The Children’s Record Guild

The Eagle and the Thrush

An Indian tale about how music came to the world

Narrated by: Algernon Black

The Eagle and the Thrush

We all love beautiful music. But, once upon a time, there was no music in the world. Think of it, no music at all; just quiet and noise.

Then, one day, a wise old owl called all the animals and birds to the edge of the forest. And when they were gathered together, the old owl said, “I have heard that up high in the sky there is a sound such as no one has ever heard before. It is a wonderful sound. If one of us could fly up high over the trees, over the mountain tops, over the clouds, up and up and up; if one of us could fly that high, he might hear the sound and remember it and bring it down back to us. Who, who, who, will do it?
The animals came forward: the lumbering elephant, the roaring lion, the fiery tiger, the gentle kangaroo. Then the little animals, too. . . the squirrel and the rabbit; the woodchuck and the fox. “We can walk and run and jump,” they said. “But we can not fly; we can not help you.” Then the birds came forward, flapping their wings . . . hens and roosters, pigeons and pheasants. The color

birds, too. . . gold finch and red robin and

blue jay and the hawk and the eagle.

There were little birds and big birds, light birds and heavy birds. They hopped about and strutted and walked up and down before the owl, each one saying, “I can do it; let me try.”
The owl called, “Who, who, whose wings are strong enough? Whose body is light enough? Who will work so hard and fly so high and not be afraid and not give up and not fall back? Who?” The hen and rooster flapped their wings. Up they rose a few feet off the earth, but their bodies were too heavy and their wings too small. Everyone laughed a little. It wasn’t very nice. The pigeon tried; he flew as high as the treetops and then fell back; and so, too, the gold finch, and the robin, and the blue jay. They were brave and quick and their bright colors looked so pretty against the sky. But they were tired and out of breath, soon saying, “We can not fly that high. It’s too much for us.” Then the hawk stepped forward, dark and quiet and fierce. Everyone watched him with great respect. With a hard push, swift and strong, off he flew, his great wings carrying him higher and higher against the sky until there was wind and cloud all around him. He felt very sure of himself until his wings began to be heavy.
He tried to rest and glide and ride the wind but it wasn’t any use. He couldn’t rise anymore. He was tiring fast and so back to earth he fell, landing near the animals and birds without a word. Then the

proud eagle stepped forward. He fluffed his great feathers and stretched his great wings and flashed his eyes as if to say, “Watch me, I’m king of the air. I can fly higher than

the mountains, higher than the clouds, higher than the sun, if necessary. You just watch me.” Then a curious thing happened.
A very little bird had been waiting and watching. He hadn’t said a word. Quickly and quietly, he jumped up on the eagle’s back and hid himself in the feathers of the eagle’s neck. And, when the feathers closed down over the little bird, they kept him safe and snug. Then the eagle drew back a deep breath and stretched his wings, and off he flew. Everyone gasped. Higher and higher the eagle flew over the treetops, over the mountains, higher than the clouds. Up, up, up, until he was out of sight. And then, this king of the birds began to feel how hard it was to draw his breath. His wings were, oh, so heavy and hard to push. He tried to rest and ride the wind, but it was no use.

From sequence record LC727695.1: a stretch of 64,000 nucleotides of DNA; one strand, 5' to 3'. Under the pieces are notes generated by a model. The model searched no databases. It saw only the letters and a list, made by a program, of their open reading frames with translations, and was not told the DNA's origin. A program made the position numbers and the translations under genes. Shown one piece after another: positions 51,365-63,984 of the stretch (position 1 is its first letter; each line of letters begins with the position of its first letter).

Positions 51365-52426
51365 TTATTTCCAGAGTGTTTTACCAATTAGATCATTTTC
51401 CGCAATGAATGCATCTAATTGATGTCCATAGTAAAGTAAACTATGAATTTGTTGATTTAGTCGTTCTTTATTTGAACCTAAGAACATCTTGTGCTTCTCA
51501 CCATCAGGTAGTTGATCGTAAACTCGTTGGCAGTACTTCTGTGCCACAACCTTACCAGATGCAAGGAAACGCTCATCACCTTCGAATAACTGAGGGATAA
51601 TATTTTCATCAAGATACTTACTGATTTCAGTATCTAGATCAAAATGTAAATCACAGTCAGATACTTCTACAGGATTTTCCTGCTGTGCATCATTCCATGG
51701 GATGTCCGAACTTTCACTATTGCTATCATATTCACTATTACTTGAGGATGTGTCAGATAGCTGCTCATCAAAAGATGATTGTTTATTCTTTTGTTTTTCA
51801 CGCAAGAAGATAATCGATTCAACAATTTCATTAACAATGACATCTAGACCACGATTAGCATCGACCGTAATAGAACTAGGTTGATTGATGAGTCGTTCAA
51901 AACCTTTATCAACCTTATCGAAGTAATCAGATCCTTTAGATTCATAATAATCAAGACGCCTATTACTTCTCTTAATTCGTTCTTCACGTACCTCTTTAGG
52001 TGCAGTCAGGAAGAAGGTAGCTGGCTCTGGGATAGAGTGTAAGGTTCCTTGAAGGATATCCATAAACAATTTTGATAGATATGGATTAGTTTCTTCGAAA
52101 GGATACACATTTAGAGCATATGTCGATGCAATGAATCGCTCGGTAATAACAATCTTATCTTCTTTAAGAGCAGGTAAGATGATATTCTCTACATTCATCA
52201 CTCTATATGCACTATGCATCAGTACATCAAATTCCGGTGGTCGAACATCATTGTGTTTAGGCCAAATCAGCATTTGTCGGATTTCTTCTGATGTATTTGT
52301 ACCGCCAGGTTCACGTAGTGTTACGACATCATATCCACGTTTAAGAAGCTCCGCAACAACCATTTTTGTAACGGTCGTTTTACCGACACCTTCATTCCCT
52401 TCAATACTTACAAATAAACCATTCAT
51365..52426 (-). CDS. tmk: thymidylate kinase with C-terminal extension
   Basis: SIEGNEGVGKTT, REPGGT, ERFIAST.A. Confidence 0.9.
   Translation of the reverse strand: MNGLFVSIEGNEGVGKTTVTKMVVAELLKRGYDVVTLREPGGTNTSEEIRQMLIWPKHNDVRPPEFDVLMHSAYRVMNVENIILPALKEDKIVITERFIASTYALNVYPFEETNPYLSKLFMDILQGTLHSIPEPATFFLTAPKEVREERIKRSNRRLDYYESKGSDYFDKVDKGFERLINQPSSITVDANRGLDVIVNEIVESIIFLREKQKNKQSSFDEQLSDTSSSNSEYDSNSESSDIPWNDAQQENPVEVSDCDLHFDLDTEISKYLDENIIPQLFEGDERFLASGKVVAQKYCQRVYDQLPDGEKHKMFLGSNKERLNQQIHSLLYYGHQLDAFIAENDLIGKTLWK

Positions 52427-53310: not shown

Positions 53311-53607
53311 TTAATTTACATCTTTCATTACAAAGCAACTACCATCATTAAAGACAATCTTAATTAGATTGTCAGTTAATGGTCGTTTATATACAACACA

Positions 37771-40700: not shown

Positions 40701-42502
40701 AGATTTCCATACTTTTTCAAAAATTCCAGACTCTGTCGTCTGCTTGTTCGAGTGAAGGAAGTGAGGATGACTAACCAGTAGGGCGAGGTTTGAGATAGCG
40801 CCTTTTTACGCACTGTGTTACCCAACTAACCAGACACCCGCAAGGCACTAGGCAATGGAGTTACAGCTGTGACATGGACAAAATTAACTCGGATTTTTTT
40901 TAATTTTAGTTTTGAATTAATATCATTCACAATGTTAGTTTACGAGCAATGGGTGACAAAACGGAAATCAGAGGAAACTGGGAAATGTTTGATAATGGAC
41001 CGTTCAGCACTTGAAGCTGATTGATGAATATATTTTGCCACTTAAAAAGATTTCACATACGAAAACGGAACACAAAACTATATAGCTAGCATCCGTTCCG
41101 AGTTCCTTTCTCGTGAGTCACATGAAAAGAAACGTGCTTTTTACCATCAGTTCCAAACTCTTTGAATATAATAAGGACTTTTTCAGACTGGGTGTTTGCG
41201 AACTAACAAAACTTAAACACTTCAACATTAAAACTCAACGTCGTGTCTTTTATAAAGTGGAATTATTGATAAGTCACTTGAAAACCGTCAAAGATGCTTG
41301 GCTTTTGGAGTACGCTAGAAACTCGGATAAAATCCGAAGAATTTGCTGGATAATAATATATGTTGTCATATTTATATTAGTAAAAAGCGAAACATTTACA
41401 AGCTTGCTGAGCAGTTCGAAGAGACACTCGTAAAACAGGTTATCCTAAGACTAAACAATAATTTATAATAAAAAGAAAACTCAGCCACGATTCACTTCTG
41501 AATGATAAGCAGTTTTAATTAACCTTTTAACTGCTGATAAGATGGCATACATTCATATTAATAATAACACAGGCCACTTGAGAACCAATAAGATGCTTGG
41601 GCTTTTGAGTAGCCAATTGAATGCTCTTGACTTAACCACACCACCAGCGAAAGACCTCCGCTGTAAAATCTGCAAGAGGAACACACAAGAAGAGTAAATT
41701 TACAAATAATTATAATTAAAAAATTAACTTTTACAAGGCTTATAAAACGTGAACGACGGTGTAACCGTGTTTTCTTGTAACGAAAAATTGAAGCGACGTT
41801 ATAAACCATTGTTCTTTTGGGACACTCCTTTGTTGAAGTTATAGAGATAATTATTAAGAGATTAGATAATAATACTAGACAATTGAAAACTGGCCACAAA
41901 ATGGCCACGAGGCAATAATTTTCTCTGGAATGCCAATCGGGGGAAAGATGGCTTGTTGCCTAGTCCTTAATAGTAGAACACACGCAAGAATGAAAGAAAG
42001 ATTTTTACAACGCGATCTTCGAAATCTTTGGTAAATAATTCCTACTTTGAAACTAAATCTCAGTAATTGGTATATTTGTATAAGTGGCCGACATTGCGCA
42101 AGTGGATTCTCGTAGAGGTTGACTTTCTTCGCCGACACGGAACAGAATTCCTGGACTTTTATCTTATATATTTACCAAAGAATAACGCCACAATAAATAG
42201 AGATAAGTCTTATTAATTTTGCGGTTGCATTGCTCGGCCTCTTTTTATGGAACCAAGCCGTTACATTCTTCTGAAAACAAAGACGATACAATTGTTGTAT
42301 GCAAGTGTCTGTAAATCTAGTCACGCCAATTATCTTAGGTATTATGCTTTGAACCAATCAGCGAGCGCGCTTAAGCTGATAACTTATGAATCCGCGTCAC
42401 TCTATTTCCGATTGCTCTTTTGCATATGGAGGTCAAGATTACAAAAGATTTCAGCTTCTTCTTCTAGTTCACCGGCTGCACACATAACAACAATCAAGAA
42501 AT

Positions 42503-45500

And then, just as he began to fall back to earth, a strange thing happened. Out of the feathers of the eagles neck jumped the little bird. His body was small and light; his wings were just right for the thin air. And so he whirred merrily away. Up, up, up, higher and higher until he began to hear a sound high and clear, swelling and growing and it was everywhere all around him like the air itself. The little bird was frightened; he had never been so high. He was so alone. He said to himself, “I mustn’t be afraid, I mustn’t get tired. I must listen and remember and bring this sound back to earth. That is what I came for.” Round and round he flew, whirring his little wings and gliding on the wind in great circles and listening. And, when he was full of the music, he began to glide down to earth, gently down through the clouds, down over the mountaintops, down past the trees until he landed quietly near the edge of the forest.
He was a very shy bird. He went off among the trees and then, without any warning and without anyone expecting it, the air was filled with beautiful music. And when the birds heard the sound filling the air around them, each one began to sing his own song.

And some day, when you are walking through the forest, you’ll hear sweet sounds. And if you listen, you will hear the songs of many birds. But if you look carefully, you will see that the most beautiful of all comes from a very shy little bird hiding behind a tree. It is the wood thrush. And this is the little bird who flew up to the high sky to bring music down to the earth for all of us.

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